Trades Push NCUA To Cut Specific Compliance Requirements
WASHINGTON – As NCUA prepares to examine one-third of its rules and regs during its annual regulatory review, CUNA is again stressing that the regulator must not and cannot add to the compliance burden already on CUs.
Understanding the hefty compliance burden CUs already face, Mary Dunn, CUNA SVP and deputy general counsel, said the trade group filed a comment letter with NCUA Friday stating that whatever changes NCUA makes to the rules it will soon review, those changes should “refrain from adding to regulatory burden of credit unions, whether it is a new rule or revising an existing rule, unless there is a well-documented and compelling need to do so.”
CUNA’s comments focused on NCUA rules Part 748, Security Program, Report of Suspected Crimes, Suspicious Transactions, Catastrophic Acts, and Bank Secrecy Act Compliance; and Part 790, Description of NCUA and Request for Agency Action.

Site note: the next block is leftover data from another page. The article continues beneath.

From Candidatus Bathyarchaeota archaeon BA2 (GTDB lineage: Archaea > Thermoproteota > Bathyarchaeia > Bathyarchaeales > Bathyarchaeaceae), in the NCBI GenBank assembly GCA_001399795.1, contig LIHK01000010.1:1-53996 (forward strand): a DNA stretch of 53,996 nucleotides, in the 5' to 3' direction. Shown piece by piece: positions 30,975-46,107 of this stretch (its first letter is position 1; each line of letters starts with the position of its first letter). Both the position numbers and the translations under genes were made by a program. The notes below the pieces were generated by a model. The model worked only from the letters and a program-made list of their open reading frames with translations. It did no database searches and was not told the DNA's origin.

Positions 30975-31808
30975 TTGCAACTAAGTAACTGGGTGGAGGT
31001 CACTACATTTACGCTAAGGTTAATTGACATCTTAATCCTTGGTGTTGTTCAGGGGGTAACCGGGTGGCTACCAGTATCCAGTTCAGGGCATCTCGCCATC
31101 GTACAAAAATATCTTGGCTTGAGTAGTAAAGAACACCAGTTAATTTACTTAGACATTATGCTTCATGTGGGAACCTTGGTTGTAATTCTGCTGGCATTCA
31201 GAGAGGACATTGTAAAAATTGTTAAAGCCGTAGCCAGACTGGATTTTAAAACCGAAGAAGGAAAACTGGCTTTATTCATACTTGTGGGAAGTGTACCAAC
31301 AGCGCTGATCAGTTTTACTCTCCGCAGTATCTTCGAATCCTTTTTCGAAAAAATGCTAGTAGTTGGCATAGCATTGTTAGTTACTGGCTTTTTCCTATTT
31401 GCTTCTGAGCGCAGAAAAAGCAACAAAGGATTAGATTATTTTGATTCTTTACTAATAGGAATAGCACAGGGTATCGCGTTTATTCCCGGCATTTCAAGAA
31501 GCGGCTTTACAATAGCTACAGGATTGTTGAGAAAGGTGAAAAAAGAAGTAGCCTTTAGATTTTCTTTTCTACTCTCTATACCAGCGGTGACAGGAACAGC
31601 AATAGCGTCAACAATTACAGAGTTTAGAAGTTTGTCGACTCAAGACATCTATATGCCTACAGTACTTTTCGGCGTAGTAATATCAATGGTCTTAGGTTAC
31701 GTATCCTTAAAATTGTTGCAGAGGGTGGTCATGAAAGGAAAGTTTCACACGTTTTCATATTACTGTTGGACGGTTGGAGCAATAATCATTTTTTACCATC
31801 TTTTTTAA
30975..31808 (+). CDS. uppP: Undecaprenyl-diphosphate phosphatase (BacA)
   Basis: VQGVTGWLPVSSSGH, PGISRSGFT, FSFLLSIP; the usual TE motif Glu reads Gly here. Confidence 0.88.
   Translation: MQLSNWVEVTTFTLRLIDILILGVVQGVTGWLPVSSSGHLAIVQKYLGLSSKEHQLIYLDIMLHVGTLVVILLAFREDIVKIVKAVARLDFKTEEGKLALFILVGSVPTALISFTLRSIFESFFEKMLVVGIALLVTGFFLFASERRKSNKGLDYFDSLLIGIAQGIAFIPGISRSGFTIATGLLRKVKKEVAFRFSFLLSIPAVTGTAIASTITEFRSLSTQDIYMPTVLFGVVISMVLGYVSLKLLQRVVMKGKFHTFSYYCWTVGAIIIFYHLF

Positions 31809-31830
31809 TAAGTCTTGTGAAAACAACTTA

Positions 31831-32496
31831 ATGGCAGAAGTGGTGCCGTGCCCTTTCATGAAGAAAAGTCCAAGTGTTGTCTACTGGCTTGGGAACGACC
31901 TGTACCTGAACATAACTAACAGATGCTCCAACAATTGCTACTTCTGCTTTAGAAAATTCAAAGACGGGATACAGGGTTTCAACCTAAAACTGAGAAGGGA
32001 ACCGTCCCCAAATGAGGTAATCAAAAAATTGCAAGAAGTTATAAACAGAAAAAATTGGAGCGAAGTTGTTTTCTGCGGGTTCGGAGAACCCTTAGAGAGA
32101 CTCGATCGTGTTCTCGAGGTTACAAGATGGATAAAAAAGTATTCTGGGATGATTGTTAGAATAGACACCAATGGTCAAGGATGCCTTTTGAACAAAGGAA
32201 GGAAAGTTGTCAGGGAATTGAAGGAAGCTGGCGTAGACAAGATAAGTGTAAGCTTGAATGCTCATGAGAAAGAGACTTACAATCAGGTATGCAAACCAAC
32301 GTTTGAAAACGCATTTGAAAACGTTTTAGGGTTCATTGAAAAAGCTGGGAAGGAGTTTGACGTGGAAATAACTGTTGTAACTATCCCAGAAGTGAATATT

NAFCU weighed in on the NCUA review with its own comment letter Friday, focusing much of its attention on SAFE Act Registration, Troubled Debt Restructuring, Member Business Loans, Credit Union Service Organizations, CU Investment Powers, and the Regulatory Flexibility Program. “We think Reg Flex needs to go back to the way it was (before NCUA moved away from Reg Flex during the recession and tightened review frequency and standards for credit unions that qualify,” said Tessema Tefferi, associate director of regulatory affairs.
In its letter, NAFCU also urged NCUA to quickly implement Executive Order 13579, executed by President Barack Obama on July 11. The Executive Order provides that decisions made by independent regulatory agencies such as NCUA “are informed and improved by allowing interested members of the public to have meaningful opportunity to participate in rulemaking,” and directs “independent agencies to ‘consider how best to promote retrospective analysis of rules that may be outmoded, ineffective, insufficient, or excessively burdensome, and to modify, streamline, expand, or repeal them in accordance with what has been learned,’” NAFCU President Fred Becker wrote.